Thursday, September 6, 2012


   VISION TO REALITY, (continued)

   The 21st century Catholic is a spiritually mature, whole person (1) who looks for the whole picture and lives and acts in the whole world.  Vatican II changed the church from a European-based church that focused on devotions, novenas, Benediction, etc., to a world-wide church that focuses on prayerfully discerned, prophetic activity in the everyday world.  In sum, the "in-house," devotional faith has given way to a faith of active social justice that is intended to change hearts and transform the world in the grace of Christ.

   Today's Catholics, therefore, must have a wholistic world view.  It is necessary to, "act locally, think globally," in order to infuse today's social, economic, political and environmental activities with the wholeness of humanity and grace that they desperately need.  The butterfly flapping its wings in the Amazon does influence the weather in Chicago tomorrow.  Giving food to a hungry person, or paying a just wage, or just taxes, sends waves of grace far beyond that single activity.

   Of course, we realize that we don't live in a Utopia.  Giving twenty dollars to a beggar is wonderful, but it does not in itself solve the problem of poverty.  Yet, some Catholics believe that personal and private charity can relieve the burden of poverty from society without the government getting involved.  They don't know, for example, that Catholic Charities receives over 50% of its budget from the government.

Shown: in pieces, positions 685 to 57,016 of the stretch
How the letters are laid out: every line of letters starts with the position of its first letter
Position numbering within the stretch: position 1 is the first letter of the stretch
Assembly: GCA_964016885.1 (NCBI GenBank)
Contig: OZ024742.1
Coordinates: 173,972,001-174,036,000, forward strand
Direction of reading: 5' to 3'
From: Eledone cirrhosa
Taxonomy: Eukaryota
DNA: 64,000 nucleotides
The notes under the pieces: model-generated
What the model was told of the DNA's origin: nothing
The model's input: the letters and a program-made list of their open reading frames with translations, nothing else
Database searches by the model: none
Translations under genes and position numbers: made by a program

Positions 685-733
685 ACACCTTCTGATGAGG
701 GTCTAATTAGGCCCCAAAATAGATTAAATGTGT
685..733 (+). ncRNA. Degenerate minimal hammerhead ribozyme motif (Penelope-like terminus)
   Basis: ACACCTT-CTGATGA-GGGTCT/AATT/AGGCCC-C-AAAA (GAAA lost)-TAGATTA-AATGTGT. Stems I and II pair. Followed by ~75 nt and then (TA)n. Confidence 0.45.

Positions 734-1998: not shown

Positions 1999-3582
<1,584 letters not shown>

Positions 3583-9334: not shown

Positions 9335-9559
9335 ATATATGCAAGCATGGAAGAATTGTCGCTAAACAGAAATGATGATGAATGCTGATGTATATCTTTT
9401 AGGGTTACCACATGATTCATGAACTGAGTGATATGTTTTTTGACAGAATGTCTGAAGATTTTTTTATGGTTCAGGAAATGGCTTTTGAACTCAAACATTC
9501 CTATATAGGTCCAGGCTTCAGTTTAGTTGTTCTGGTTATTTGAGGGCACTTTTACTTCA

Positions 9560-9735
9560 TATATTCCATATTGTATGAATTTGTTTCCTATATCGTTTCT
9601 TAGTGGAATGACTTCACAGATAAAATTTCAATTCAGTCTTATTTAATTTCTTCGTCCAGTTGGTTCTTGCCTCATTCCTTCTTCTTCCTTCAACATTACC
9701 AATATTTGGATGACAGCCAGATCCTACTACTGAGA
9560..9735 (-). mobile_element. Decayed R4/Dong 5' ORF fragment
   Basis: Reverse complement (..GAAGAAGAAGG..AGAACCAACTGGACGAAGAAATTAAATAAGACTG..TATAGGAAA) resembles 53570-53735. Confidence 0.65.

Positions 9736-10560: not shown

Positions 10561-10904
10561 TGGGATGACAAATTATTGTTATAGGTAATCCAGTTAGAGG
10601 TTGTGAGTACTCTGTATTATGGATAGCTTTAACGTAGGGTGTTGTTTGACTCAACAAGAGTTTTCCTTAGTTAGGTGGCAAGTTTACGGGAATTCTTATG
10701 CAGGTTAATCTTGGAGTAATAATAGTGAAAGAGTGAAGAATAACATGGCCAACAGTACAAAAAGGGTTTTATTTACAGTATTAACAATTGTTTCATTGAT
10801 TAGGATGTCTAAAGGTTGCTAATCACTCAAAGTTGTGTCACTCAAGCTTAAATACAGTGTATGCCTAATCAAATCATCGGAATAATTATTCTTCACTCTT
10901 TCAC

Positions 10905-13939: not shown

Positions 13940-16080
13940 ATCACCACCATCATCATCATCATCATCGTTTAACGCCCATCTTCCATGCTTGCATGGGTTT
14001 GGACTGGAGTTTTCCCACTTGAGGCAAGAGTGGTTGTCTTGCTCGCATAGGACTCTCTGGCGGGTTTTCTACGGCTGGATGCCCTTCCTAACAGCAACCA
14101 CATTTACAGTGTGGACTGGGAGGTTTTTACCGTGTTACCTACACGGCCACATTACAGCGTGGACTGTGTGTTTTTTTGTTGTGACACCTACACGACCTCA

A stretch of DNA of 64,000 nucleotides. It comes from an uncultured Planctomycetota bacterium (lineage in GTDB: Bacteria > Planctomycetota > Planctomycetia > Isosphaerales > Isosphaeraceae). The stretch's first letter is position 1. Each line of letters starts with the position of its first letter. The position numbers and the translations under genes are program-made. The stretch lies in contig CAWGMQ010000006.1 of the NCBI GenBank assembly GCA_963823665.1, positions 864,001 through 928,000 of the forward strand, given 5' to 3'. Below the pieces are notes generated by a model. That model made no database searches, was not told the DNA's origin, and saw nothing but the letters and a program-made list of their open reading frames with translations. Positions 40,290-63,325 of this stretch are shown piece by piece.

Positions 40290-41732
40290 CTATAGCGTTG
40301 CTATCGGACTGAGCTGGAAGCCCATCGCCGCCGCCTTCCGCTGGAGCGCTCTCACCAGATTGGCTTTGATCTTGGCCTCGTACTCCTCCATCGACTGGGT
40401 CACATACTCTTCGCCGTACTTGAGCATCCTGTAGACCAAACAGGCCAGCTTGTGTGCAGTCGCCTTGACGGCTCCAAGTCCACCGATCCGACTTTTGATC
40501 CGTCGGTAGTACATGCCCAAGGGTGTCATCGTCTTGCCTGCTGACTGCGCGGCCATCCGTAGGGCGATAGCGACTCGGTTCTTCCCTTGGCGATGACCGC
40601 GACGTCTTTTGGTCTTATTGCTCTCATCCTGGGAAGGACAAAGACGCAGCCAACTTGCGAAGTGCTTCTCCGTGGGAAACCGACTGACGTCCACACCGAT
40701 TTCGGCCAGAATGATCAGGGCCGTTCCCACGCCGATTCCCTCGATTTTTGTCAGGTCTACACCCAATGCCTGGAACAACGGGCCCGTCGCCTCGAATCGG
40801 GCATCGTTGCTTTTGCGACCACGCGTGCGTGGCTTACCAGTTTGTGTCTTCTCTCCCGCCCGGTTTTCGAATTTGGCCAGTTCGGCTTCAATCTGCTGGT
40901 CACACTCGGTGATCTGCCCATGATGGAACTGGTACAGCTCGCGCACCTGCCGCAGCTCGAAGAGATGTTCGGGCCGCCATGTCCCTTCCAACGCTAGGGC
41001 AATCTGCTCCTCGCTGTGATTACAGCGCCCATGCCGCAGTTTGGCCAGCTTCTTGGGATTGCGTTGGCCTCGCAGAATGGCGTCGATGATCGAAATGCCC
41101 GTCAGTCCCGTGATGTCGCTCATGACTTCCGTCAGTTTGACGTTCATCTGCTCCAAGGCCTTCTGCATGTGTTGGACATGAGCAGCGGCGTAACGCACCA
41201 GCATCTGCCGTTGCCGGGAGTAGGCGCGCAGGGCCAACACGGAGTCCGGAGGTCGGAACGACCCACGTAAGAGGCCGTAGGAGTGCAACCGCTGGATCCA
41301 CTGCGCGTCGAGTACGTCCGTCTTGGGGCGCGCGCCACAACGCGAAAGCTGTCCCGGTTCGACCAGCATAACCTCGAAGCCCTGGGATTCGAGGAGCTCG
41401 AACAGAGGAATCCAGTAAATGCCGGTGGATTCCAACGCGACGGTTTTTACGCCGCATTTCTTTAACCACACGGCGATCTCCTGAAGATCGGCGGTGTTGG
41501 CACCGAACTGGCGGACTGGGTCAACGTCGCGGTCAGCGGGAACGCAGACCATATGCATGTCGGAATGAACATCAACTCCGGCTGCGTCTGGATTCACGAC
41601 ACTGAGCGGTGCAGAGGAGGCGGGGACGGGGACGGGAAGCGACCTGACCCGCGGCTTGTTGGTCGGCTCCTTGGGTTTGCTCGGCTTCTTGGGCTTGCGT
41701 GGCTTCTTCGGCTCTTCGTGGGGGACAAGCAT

Unhappily, a prominent fellow-Catholic is presenting an economic policy for America that appears to show this restricted world-view.  Vice-presidential candidate Paul Ryan says, for example, that the job of issuing food stamps to the poor should be taken from the federal government and given to the states, and that seniors should pay a larger part of their health insurance.  In general, he would want all people to ultimately take care of themselves.  That sounds fine in the abstract.  But does it work in practice?

   My point is not partisan but spiritual.  Ryan justifies his policy by saying that it is in accord with the principles of Catholic social justice, particularly the principle of Subsidiarity.  Subsidiarity says that economic concerns should be taken care of at the lowest capable level of society--all the way down to the individual and family.  But there is another principle that is just as important as Subsidiarity.  That principle is Solidarity.

   Solidarity says that there must be a realistic way for the entire society to be taken care of before the levels of responsibility are determined.  In sum, Solidarity proclaims the basic principle that, "we're all in this together."  We are our brother's and sister's keeper.  Therefore, before the states are given the responsibility of issuing food stamps to the poor, they have to be economically able to do so.  Before seniors are forced to pay an added cost for Medicare, they have to be able to do so.  In both cases, this very well may not be so.  Ryan's plan may be able to balance the budget some years in the future, as he says, but in the meantime, will people go hungry and will many seniors be forced to have less health care?  If that happens it will contradict the principles of Catholic Social Justice and therefore be spiritually unacceptable.

   Given today's hyper-individualism in almost every sphere of human activity, being a wholistic, 21st century Catholic is a difficult challenge.  We should not try to do it alone.  Moving from our vision to reality calls upon us to prayerfully join together with others, to share insights and difficulties, and to encourage one another to keep global and to keep going.  The group can even be a "virtual" one, as in this blog.  We must walk our way in the Spirit of Christ, not alone but as the 21st century, globally united People of God.

(1)  See THE SPIRITUALLY MATURE PERSON, page on this blog.


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